<format> Element Definition

The format element defines a conversion between some primitive or object type and the text representation used for that type. Any type with a format defined can be used with simple element (one with no child elements), text, or attribute values. During unmarshalling, the text content of the element or attribute is passed to the deserializer defined for that format, which returns a value of the appropriate type. During marshalling, the typed value is passed to the serializer for that format, which returns a text string used as the element content or attribute value.

This flexibility for conversion handling is also available without using a format element definition, by directly specifying the serializer and/or deserializer in a value definition. The advantage to using a format definition is that it can be easily reused. There are two ways of doing this. When a format element does not have a label attribute, it automatically becomes the default for values of the associated type. When a format element is defined with a label, that label can be used to reference it as needed.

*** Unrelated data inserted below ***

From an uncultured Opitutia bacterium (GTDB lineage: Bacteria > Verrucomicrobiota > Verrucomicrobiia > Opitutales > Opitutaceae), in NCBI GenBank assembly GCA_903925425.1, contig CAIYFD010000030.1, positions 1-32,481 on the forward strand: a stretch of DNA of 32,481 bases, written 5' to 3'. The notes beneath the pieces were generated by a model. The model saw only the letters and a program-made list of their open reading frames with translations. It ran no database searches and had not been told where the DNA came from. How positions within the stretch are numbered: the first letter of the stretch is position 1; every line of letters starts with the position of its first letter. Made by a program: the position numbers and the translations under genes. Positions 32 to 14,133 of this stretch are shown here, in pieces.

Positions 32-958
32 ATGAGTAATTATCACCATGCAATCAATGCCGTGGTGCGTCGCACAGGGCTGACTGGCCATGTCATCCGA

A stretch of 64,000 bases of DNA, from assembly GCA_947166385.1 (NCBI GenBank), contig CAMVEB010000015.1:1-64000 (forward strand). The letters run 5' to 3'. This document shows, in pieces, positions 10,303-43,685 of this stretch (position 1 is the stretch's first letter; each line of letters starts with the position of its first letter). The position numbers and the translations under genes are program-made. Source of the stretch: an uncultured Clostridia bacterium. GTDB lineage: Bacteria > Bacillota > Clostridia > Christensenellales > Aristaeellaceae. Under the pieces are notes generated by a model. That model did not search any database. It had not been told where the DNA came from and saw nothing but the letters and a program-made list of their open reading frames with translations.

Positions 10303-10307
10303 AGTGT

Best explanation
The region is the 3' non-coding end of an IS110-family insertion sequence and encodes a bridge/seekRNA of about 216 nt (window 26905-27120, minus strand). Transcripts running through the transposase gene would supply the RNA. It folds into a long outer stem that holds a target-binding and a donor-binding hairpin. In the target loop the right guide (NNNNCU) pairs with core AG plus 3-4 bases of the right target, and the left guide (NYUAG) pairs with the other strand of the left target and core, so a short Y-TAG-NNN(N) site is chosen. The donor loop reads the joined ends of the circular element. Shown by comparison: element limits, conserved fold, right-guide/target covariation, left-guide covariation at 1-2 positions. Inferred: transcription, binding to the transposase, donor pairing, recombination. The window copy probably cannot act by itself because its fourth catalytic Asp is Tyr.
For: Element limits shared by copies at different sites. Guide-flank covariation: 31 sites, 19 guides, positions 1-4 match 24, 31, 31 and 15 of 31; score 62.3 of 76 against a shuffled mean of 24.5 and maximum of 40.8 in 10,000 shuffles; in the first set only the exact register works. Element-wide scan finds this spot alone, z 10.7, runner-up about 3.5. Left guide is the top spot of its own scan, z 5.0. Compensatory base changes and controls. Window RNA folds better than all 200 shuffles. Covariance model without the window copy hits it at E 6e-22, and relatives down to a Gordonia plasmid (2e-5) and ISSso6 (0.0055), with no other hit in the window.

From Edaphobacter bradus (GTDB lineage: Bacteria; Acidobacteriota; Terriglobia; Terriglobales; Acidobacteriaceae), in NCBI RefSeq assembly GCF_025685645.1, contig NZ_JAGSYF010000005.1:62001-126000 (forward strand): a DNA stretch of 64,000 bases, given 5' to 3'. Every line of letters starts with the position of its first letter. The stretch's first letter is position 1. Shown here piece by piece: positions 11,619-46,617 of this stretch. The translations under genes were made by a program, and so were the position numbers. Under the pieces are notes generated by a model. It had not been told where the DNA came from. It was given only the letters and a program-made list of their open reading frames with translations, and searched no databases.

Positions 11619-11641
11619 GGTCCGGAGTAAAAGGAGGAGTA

The format element supports a pair of unique attributes along with one common attribute group, listed below.



The label for this format. If supplied, the format can only be used when referenced by label. If not supplied, this format automatically becomes the default for handling the specified type within the context. As of JiBX 1.1, the value of this attribute is interpreted as namespace qualified.


This required attribute gives the fully qualified class name or the primitive type for the values handled by this format. For instance, for a format handling instances of the java.util.Date class this would be 'java.util.Date', and for one handling int primitive values it would be 'int'.


Attributes from the string group set the default conversion of a value type for all contained elements. See the string attribute group description for usage details.

format elements are subject to the restriction that labels must be unique, and unlabeled formats with the same type cannot be defined in the same context.